· It is not uncommon for hikers to rely too heavily on smart phones (or GPS), only to find they don’t get reception, they run out of batteries or that the phones are of limited value – in this case all of the above!
· Remembering that a landmark such as a lake was on the “right side” going out and therefore now should be on the left side coming back, doesn’t help if the lake in question is a different lake and you have no map or position on a GPS device.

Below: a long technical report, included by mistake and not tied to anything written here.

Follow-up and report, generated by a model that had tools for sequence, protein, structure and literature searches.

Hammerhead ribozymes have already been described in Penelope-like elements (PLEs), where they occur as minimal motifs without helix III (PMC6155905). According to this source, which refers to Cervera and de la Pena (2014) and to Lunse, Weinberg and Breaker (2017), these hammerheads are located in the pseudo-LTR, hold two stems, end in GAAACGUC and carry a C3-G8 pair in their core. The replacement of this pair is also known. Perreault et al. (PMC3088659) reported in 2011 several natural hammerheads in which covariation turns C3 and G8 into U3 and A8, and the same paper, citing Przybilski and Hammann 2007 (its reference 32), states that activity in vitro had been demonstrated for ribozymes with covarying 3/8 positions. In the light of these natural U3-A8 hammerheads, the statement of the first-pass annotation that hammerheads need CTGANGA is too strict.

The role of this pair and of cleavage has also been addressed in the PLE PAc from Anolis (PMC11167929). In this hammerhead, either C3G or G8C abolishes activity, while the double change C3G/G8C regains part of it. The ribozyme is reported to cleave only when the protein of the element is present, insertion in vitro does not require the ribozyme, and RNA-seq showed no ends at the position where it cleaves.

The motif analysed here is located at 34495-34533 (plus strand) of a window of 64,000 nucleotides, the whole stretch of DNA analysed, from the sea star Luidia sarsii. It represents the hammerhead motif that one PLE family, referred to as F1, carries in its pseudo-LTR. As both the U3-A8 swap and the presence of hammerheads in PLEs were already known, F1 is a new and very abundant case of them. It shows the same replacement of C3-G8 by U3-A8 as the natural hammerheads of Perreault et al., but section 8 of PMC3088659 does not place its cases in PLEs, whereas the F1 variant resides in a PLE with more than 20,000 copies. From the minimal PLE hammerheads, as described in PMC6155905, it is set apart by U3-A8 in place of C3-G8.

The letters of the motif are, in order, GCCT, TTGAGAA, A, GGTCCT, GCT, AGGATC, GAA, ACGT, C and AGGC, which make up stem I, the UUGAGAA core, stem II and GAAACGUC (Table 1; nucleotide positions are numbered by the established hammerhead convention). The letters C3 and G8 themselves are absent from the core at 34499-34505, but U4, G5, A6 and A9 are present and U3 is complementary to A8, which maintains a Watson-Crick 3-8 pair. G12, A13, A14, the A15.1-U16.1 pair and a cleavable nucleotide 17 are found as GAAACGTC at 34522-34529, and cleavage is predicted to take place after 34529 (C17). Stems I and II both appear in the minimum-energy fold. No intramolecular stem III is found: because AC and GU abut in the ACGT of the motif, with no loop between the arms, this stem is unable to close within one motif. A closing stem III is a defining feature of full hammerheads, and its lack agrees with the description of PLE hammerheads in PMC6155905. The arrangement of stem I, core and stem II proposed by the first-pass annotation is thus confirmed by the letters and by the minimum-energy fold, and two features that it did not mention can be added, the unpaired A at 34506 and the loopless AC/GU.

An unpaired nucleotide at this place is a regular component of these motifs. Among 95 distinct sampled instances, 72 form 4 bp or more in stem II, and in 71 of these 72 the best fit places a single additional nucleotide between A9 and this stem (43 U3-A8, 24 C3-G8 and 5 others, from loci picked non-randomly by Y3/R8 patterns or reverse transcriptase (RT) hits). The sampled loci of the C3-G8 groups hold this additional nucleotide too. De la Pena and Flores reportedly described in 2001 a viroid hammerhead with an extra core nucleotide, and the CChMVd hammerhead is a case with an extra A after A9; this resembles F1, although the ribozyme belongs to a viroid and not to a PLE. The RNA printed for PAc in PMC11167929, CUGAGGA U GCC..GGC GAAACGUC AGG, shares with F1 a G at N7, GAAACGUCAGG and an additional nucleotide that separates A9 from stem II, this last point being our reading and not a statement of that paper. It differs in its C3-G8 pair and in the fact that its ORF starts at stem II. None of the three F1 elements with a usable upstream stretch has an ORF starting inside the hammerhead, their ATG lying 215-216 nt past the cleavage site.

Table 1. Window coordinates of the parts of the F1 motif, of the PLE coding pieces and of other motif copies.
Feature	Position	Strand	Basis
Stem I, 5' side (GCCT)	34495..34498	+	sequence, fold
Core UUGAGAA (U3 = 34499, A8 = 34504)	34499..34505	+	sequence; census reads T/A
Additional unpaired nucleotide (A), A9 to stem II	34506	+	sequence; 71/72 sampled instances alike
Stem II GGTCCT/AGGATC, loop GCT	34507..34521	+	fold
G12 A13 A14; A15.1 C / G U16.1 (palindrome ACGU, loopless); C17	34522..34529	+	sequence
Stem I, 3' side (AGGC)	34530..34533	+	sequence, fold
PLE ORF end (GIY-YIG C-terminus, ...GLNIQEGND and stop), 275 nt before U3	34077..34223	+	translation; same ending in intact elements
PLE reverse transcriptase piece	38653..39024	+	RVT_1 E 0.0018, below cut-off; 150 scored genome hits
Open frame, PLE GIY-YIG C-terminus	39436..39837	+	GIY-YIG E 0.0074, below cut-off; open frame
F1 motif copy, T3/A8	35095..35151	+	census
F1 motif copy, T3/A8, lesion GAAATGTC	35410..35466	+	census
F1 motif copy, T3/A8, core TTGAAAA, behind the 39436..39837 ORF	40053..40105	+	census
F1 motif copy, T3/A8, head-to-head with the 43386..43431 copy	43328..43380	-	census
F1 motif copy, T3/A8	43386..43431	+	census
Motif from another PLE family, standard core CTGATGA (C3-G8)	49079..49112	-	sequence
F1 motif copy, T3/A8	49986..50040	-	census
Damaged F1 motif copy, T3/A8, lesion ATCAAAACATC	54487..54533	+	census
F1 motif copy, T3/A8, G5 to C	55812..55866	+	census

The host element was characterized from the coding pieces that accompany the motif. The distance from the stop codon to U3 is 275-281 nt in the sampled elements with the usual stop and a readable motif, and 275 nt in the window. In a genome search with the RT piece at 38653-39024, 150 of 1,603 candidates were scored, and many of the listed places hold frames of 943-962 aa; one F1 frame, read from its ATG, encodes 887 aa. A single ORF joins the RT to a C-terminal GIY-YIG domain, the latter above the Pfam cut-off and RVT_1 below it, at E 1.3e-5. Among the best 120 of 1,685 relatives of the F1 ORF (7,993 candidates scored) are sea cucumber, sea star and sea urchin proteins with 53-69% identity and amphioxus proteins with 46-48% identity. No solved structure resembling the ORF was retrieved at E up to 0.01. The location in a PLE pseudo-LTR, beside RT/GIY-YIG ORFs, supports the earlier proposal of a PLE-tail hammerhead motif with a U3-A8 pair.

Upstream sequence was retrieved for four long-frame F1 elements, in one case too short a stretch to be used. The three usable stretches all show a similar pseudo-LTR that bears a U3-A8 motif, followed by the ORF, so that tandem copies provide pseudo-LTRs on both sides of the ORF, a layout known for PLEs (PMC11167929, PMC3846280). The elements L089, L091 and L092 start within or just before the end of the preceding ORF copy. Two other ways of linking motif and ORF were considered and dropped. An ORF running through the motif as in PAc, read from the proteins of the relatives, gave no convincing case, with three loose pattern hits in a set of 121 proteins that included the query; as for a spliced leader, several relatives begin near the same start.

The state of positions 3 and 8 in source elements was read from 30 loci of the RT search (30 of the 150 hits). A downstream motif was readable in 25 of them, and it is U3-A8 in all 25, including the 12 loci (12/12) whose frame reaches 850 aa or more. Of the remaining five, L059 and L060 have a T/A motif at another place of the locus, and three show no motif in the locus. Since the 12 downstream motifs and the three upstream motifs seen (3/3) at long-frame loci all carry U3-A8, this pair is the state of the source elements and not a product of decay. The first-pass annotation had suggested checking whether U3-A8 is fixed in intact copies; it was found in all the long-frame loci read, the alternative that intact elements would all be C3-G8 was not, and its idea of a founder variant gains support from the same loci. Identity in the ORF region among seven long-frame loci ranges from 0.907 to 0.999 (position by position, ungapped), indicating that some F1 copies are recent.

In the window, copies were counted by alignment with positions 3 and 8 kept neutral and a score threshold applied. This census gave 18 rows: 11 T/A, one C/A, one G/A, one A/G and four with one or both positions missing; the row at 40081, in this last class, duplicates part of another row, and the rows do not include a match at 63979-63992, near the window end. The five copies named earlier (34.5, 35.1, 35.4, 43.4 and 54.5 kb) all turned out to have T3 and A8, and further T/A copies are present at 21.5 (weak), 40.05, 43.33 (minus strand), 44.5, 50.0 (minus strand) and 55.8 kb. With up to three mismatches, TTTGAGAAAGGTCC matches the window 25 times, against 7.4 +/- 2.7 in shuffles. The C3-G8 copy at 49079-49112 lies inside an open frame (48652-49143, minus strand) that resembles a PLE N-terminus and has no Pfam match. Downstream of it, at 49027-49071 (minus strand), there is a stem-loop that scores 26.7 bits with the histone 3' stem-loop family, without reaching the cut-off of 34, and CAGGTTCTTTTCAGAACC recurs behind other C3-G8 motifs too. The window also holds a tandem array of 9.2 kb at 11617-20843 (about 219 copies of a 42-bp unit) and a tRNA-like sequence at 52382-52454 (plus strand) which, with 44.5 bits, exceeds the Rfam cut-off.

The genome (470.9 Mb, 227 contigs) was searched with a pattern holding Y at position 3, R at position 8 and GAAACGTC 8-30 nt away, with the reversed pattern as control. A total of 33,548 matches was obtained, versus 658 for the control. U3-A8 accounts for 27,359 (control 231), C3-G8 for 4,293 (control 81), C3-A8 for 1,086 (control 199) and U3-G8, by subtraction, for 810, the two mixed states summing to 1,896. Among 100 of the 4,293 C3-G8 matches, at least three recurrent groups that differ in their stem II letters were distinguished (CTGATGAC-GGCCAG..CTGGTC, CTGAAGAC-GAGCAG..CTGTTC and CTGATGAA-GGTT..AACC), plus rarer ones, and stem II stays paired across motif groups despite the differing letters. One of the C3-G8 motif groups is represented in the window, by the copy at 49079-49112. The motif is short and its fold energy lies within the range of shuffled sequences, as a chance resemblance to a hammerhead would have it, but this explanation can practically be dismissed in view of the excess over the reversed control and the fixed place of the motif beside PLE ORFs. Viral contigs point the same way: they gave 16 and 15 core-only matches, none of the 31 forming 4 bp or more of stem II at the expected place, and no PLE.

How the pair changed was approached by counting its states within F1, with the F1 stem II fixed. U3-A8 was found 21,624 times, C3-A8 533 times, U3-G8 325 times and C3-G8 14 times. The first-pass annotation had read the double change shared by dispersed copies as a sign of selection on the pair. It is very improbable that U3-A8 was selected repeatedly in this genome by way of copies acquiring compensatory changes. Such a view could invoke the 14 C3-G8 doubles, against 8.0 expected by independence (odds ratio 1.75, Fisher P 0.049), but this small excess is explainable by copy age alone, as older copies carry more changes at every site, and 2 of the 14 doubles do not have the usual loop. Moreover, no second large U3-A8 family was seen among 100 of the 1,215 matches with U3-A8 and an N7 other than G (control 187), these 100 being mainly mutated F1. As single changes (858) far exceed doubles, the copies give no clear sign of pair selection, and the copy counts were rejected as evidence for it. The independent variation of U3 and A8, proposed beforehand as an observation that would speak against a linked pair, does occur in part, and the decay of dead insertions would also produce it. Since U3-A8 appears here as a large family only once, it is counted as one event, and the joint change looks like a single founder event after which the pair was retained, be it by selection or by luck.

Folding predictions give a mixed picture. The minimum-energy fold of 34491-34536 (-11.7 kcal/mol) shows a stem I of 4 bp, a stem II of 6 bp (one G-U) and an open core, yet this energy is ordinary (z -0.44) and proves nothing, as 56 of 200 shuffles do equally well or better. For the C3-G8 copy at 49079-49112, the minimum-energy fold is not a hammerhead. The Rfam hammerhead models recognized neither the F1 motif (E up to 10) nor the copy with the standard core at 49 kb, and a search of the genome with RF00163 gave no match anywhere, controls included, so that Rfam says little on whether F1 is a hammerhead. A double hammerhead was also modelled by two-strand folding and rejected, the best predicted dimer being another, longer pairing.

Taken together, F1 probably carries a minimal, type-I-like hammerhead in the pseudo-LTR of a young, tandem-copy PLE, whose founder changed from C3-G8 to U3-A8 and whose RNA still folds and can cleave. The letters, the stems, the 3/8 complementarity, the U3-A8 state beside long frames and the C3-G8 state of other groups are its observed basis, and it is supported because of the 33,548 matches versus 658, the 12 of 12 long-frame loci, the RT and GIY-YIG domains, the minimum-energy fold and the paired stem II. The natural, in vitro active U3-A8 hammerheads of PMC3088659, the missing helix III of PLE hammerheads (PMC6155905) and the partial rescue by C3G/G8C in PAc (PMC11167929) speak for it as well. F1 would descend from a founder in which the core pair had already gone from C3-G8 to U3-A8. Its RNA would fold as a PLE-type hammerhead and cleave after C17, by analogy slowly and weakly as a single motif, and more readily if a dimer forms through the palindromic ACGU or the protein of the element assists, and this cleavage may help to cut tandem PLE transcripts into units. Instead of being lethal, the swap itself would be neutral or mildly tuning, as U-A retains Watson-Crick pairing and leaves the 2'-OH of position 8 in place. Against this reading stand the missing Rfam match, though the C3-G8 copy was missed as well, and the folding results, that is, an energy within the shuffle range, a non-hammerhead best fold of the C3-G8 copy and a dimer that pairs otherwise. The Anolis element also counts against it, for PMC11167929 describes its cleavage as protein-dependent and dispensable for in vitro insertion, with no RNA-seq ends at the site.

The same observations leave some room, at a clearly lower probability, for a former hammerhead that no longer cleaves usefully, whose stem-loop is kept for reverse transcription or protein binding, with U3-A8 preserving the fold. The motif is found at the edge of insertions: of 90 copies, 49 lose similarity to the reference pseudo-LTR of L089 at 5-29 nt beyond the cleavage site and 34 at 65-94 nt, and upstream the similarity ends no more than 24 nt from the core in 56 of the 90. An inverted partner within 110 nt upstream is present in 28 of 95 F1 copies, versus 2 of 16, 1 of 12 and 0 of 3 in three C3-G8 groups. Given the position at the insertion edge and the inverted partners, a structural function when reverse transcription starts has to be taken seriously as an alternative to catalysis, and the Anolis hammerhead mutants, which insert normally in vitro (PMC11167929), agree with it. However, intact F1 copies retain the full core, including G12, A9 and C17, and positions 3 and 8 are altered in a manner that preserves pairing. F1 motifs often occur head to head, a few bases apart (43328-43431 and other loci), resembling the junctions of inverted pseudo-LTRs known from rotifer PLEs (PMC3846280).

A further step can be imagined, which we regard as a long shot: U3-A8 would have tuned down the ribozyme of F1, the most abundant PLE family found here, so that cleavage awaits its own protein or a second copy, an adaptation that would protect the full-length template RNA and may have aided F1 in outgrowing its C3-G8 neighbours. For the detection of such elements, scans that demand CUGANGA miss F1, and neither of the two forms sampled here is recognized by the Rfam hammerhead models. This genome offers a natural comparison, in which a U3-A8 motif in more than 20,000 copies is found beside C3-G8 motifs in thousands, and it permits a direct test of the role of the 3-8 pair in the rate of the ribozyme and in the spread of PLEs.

That last point became clear to me after the assignment was over because I chose to stay to explore and hike the unfamiliar area. I retraced the path of the subject (the path he outlined was fairly clear). About three hours into my hike/run it became quite clear where he might have been when he made that “I think I’m lost” phone call. The whole retrace took me about 6.5 hours (with GPS, water, charged phone, map and some gear – no pack, but more than I usually take trail running on my own). It was interesting to imagine myself in the boots of the lost hiker at the point where he spent a cold uncomfortable evening.